Drosophila RpS12 controls translation, growth, and cell competition through Xrp1

Zhejun Ji, Marianthi Kiparaki, Virginia Folgado, Amit Kumar, Jorge Blanco, Gerard Rimesso, Jacky Chuen, Yang Liu, Deyou Zheng, Nicholas E. Baker

Research output: Contribution to journalArticlepeer-review

23 Scopus citations


Whereas complete loss of Rp function is generally lethal, most heterozygous Rp mutants grow more slowly and are subject to competitive loss from mosaics tissues that also contain wild type cells. The rpS12 gene has a special role in the cell competition of other Ribosomal Protein (Rp) mutant cells in Drosophila. Elimination by cell competition is promoted by higher RpS12 levels and prevented by a specific rpS12 mis-sense mutation, identifying RpS12 as a key effector of cell competition due to mutations in other Rp genes. Here we show that RpS12 is also required for other aspects of Rp mutant phenotypes, including hundreds of gene expression changes that occur in ‘Minute’ Rp heterozygous wing imaginal discs, overall translation rate, and the overall rate of organismal development, all through the bZip protein Xrp1 that is one of the RpS12-regulated genes. Our findings outline the regulatory response to mutations affecting essential Rp genes that controls overall translation, growth, and cell competition, and which may contribute to cancer and other diseases.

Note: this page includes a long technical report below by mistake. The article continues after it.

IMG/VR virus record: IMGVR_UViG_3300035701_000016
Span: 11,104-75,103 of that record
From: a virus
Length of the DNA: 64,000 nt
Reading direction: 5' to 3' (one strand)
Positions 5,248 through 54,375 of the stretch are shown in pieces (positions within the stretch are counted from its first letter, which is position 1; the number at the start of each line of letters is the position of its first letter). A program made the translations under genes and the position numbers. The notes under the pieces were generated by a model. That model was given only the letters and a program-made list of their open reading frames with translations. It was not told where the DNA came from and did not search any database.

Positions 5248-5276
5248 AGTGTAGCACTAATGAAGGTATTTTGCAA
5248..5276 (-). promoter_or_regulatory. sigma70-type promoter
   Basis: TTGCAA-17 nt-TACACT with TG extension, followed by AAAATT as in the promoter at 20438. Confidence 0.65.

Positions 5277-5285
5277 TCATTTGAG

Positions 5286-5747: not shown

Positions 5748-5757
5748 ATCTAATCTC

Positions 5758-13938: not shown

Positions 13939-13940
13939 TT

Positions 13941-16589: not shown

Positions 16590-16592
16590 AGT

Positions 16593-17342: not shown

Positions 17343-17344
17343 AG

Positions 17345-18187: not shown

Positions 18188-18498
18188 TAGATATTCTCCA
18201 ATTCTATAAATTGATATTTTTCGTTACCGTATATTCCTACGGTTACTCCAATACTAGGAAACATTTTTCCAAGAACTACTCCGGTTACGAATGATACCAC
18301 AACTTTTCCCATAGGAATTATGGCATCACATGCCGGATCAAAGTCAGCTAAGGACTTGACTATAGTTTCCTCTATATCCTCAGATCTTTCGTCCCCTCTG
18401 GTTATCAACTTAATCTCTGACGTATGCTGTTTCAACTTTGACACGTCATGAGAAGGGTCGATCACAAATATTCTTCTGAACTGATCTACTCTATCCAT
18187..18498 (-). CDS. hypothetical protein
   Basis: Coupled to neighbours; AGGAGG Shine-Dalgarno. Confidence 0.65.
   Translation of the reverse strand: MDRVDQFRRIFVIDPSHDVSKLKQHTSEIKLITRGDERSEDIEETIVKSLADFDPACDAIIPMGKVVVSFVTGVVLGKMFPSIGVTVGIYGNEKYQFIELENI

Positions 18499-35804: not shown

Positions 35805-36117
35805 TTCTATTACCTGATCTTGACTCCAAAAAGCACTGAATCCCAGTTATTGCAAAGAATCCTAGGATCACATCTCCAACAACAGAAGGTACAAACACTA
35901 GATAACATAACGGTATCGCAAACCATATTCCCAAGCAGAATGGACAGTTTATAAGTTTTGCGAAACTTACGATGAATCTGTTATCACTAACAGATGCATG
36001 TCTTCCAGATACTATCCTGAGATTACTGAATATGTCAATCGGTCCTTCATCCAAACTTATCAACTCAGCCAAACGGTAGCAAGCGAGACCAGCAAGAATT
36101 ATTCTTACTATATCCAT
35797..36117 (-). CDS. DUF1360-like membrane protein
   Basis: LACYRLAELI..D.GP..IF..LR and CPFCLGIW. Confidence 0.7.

Original languageEnglish (US)
Article numbere1008513
JournalPLoS genetics
Issue number12
StatePublished - 2019

Bibliographical note

Funding Information:
NEB received awards GM104213 & GM120451 from the National Institutes of General Medical Sciences (https://www.nigms.nih.gov/), and from the Albert Einstein College of Medicine Human Genetics Program. The Bloomington Drosophila Stock Center was supported by NIH (P40OD018537). The Analytical Imaging Facility, Albert Einstein College of Medicine, was supported by NCI (P30CA013330) and by NIH (SIG 1S10 OD023591). The funders had no role in study design, data collection and analysis, decision to publish, or preparation of the manuscript. This paper is dedicated to the memory of our colleague Dr. J. Warner. The authors also thank D. Rio for anti-Xrp1 antibody and J. Secombe and C. Khan for comments on the manuscript. Drosophila strains from the Bloomington Drosophila Stock Center were used in this study. Confocal Imaging was performed at the Analytical Imaging Facility, Albert Einstein College of Medicine. This paper includes data from theses partially fulfilling of the requirements for the Degree of Doctor of Philosophy in the Graduate Division of Medical Sciences, Albert Einstein College of Medicine, Yeshiva University.

Publisher Copyright:
© 2019 Ji et al. This is an open access article distributed under the terms of the Creative Commons Attribution License, which permits unrestricted use, distribution, and reproduction in any medium, provided the original author and source are credited.


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